Twenty-five swimmers took part in the first-ever Dead Sea Swim Challenge to raise awareness for the plight of this salty body of water.

The event is being dubbed “life-threatening and complex” because of the sea’s high density, extremely salty water. Swimmers were outfitted in special face masks and body suits.

But the adventurous group of international and local swimmers who came up with this never-tried-before idea says their effort can bring much needed publicity to the environmental impact on the Dead Sea.

“If it’s possible to do the impossible, like swimming across the Dead Sea, then it’s possible to save the Dead Sea.”

The Dead Sea has receded by 25 meters in just 30 years and has lost a third of its surface area.

“We see the life threatening challenge of the swim, parallel to the challenges facing the Dead Sea. The region is on the verge of paying an irreversible price if government policies across the region are not changed. The Jordan River has always been the life blood of the Dead Sea and cooperation, as witnessed here by the swimmers, is urgently needed to revitalize the Jordan River and help stabilize the Dead Sea,” says Gidon Bromberg, Israeli Director of EcoPeace Middle East.

5 a.m. start for the Dead Sea Swim Challenge. Photo courtesy of EcoPeace Middle East
5 a.m. start for the Dead Sea Swim Challenge. Photo courtesy of EcoPeace Middle East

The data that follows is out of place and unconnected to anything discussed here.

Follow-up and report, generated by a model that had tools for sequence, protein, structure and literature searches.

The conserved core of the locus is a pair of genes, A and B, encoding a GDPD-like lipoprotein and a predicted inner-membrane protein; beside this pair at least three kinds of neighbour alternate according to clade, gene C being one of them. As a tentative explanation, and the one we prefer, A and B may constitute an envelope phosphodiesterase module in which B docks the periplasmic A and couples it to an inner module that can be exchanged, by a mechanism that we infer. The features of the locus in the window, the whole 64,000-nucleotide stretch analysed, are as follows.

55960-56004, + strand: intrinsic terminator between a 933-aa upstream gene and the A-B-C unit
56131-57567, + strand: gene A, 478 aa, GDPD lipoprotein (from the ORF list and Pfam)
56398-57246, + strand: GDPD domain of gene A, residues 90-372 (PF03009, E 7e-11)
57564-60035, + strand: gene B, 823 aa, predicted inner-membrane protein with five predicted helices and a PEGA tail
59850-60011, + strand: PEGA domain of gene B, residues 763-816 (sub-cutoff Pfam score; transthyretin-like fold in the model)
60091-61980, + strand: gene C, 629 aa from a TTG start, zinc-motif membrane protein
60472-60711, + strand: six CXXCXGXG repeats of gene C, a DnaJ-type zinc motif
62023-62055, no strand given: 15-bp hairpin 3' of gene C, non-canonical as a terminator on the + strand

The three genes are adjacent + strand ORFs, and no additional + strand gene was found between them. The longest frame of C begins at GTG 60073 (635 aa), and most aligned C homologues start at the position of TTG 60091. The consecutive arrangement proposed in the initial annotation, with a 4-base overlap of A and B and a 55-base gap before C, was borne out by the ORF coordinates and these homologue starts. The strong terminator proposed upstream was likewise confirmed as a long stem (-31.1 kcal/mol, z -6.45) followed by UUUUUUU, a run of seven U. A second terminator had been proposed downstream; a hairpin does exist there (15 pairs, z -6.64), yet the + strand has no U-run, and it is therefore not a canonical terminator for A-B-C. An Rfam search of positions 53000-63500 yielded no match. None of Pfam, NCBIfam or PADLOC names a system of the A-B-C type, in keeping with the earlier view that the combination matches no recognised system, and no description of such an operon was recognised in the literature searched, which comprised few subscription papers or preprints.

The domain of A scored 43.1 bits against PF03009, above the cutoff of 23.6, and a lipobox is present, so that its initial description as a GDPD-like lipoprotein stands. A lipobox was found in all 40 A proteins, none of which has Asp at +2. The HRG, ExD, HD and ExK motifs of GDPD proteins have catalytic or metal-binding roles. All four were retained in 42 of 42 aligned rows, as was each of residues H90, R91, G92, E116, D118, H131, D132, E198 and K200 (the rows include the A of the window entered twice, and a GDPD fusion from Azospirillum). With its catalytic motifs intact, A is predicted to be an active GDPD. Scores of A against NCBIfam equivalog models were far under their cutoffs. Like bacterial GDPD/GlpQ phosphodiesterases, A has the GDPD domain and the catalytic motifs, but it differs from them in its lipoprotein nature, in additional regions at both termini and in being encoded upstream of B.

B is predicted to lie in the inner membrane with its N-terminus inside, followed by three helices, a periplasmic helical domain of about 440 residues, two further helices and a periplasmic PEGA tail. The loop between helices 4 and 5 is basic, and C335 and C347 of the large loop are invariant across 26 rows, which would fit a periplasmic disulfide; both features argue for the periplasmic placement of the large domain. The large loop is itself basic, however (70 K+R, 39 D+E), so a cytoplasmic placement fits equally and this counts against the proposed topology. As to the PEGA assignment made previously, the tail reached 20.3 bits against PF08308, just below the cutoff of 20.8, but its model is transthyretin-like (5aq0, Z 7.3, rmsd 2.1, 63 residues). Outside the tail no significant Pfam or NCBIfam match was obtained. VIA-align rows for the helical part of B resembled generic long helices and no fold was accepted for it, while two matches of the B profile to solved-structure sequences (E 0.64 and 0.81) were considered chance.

Swimmers set out to cross the Dead Sea. Photo courtesy of EcoPeace Middle East
Swimmers set out to cross the Dead Sea. Photo courtesy of EcoPeace Middle East

EcoPeace Middle East — a Jordanian, Palestinian, Israeli environmental peacebuilding organization that focuses on the region’s water and environment issues — and the Tamar Regional Council in Israel sponsored the event.

“What was destined to have been one of the highlights of Israel’s tourism industry is gradually becoming a wasteland due to the difficulty of developing long term plans. We hope this activity and similar one’s in the future helps garner both Israeli and international support in favor of finding a solution soon, so that the Dead Sea doesn’t become a footnote in the geography books of generations to come,” says Dov Litvinoff, Head of the Tamar Regional Council.

The swimmers – hailing from as far away as New Zealand as well as local athletes — jumped into the hypersaline salt water lake at 7 a.m. local time on the Jordanian side. They are attempting to stroke their way to the shores of Ein Gedi Spa on the Israeli side of the lake.

The Dead Sea shore. Image via www.shutterstock.com
The Dead Sea shore. Image via www.shutterstock.com
Swimmers crossing the Dead Sea. Photo courtesy of EcoPeace Middle East
Swimmers crossing the Dead Sea. Photo courtesy of EcoPeace Middle East

“This swim, as opposed to all others, is risky in any sense – it is in harsh conditions, needs a specific support team including medical devices since the salinity here is almost 35 per cent and suffocation can be immediate. In addition the eyes cannot be exposed to such waters and so the whole configuration of the swim has to take this in consideration. We swim with a full mask and thus breathing is challenging,” says Oded Rahav, who initiated the idea for the Dead Sea Swim Challenge and a swimmer in the event.

“If it’s possible to do the impossible, like swimming across the Dead Sea, then it’s possible to save the Dead Sea. We are not just interested in raising awareness, but creating real action to benefit the Dead Sea,” says Rahav.